To complicate this situation, IBS has been divided into subtypes according to the stool pattern into constipation (IBS-C), diarrhea (IBS-D), mixed (IBS-M) and unclassified (IBS-U). Whereas this classification has been useful and practical for planning treatment regimes that treat patient symptoms, there is still no consensus as to whether they are different entities or whether they have a common underlying physiopathological process [1].

A disease needs to be explained by its characteristics, and published study data regarding IBS in the past, attempted to explain causes, triggers, and possible underlying mechanisms. However, findings from these studies are complex, difficult to understand and somewhat confusing in the clinical setting and ultimately have no clinical relevance for the daily care of the patient. For example, genetic and familiar factors have been studied, but it is still not clinically useful because the results are complex and still do not identify anything that a clinician can apply in their practice [6]. First of all, these studies have studied over 60 genes that are related to the serotonin signaling pathways, control of immune activation, bile acid synthesis, neuropeptide activity, and intestinal secretion. Still, it seems that our understanding is incomplete as factors like mutations, RNA expression and epigenetic changes have not been fully explored [6].

In spite of the complexity of IBS, new findings over the last few years have resulted in three main hypotheses regarding the etiology and pathophysiology of IBS, which can begin to clarify the organic changes that can cause the disease.

These hypotheses are the following:

  1. Local changes in the gut, like altered peripheral regulation of gut function, in which motor regulation, and peripheral sensory and secretory mechanisms are altered;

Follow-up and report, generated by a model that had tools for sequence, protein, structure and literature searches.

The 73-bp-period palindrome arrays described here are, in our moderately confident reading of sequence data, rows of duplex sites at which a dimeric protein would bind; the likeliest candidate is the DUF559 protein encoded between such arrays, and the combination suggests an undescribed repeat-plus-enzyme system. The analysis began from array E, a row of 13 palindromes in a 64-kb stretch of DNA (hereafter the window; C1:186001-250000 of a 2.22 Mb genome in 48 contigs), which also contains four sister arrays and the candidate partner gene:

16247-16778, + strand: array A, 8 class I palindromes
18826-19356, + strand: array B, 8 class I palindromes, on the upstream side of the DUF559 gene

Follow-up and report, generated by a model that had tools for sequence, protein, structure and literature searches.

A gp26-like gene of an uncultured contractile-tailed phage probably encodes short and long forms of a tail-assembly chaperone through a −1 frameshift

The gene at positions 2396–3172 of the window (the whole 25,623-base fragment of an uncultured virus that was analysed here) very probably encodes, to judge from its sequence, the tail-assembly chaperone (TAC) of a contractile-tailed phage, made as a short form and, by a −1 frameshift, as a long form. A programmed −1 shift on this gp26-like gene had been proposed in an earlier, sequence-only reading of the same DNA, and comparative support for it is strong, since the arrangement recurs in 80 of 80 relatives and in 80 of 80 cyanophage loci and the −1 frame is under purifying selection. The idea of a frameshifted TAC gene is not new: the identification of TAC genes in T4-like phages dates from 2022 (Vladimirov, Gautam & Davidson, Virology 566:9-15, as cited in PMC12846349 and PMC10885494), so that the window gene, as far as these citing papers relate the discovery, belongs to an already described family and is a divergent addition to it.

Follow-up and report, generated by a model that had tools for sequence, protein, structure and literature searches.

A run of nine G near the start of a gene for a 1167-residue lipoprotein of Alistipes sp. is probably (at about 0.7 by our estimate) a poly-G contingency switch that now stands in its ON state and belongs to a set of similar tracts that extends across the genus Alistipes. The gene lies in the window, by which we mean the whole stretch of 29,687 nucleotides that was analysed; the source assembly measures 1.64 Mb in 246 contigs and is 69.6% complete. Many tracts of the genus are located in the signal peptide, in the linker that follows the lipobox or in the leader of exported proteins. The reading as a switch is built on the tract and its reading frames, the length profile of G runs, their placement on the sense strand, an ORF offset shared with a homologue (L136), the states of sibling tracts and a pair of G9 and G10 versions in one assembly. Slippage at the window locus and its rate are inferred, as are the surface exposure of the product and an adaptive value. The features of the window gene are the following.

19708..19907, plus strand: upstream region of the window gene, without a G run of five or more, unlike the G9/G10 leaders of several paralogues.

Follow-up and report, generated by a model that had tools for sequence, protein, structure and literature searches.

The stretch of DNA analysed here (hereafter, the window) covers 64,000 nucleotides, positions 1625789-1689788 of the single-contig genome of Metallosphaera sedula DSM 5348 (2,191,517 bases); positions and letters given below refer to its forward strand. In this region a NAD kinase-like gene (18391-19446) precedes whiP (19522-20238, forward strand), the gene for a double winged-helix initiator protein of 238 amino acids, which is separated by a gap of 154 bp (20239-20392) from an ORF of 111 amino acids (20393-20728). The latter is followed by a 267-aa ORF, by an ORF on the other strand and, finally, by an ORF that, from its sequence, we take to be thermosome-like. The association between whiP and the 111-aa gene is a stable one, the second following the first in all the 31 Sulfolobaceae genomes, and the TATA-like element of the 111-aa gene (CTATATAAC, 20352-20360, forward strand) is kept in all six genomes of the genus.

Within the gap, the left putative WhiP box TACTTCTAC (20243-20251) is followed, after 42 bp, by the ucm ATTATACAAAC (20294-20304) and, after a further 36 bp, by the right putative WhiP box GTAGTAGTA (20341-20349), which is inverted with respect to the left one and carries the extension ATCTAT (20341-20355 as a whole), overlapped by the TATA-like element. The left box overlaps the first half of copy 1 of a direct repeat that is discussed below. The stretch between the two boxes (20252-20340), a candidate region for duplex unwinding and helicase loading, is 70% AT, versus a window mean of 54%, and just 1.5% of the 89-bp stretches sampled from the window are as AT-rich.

2. There are central and peripheral neural changes, today known as altered brain–gut-microbiota signaling, which may explain the visceral hypersensitivity; and
  3. Psychological distress that can partially be explained by changes in the cortisol and corticotropin release factor signaling.

Clinical research supports a major role of the brain in IBS symptoms, as well as psychosocial stressors play an important role in the first onset and perception of severity [5,7]. These hypotheses may also help explain the differences between subtypes, and which might, in the future, allow us to understand each one as a different entity that can be diagnosed using biomarkers.

There are also external and internal factors that can trigger or perpetuate the disease. An example of external factors are gastrointestinal infections, which are known to be a risk factor for the development of the irritable bowel syndrome, now called post-infectious irritable bowel syndrome (PI- IBS). Gastrointestinal infections can lead to altered nerve signaling in the gut. Gut inflammation and changes in the microbiota have been described in patients with IBS and are also possible triggers of increased or decreased gut motility. However, all of these findings can be found in cases other than PI-IBS [8].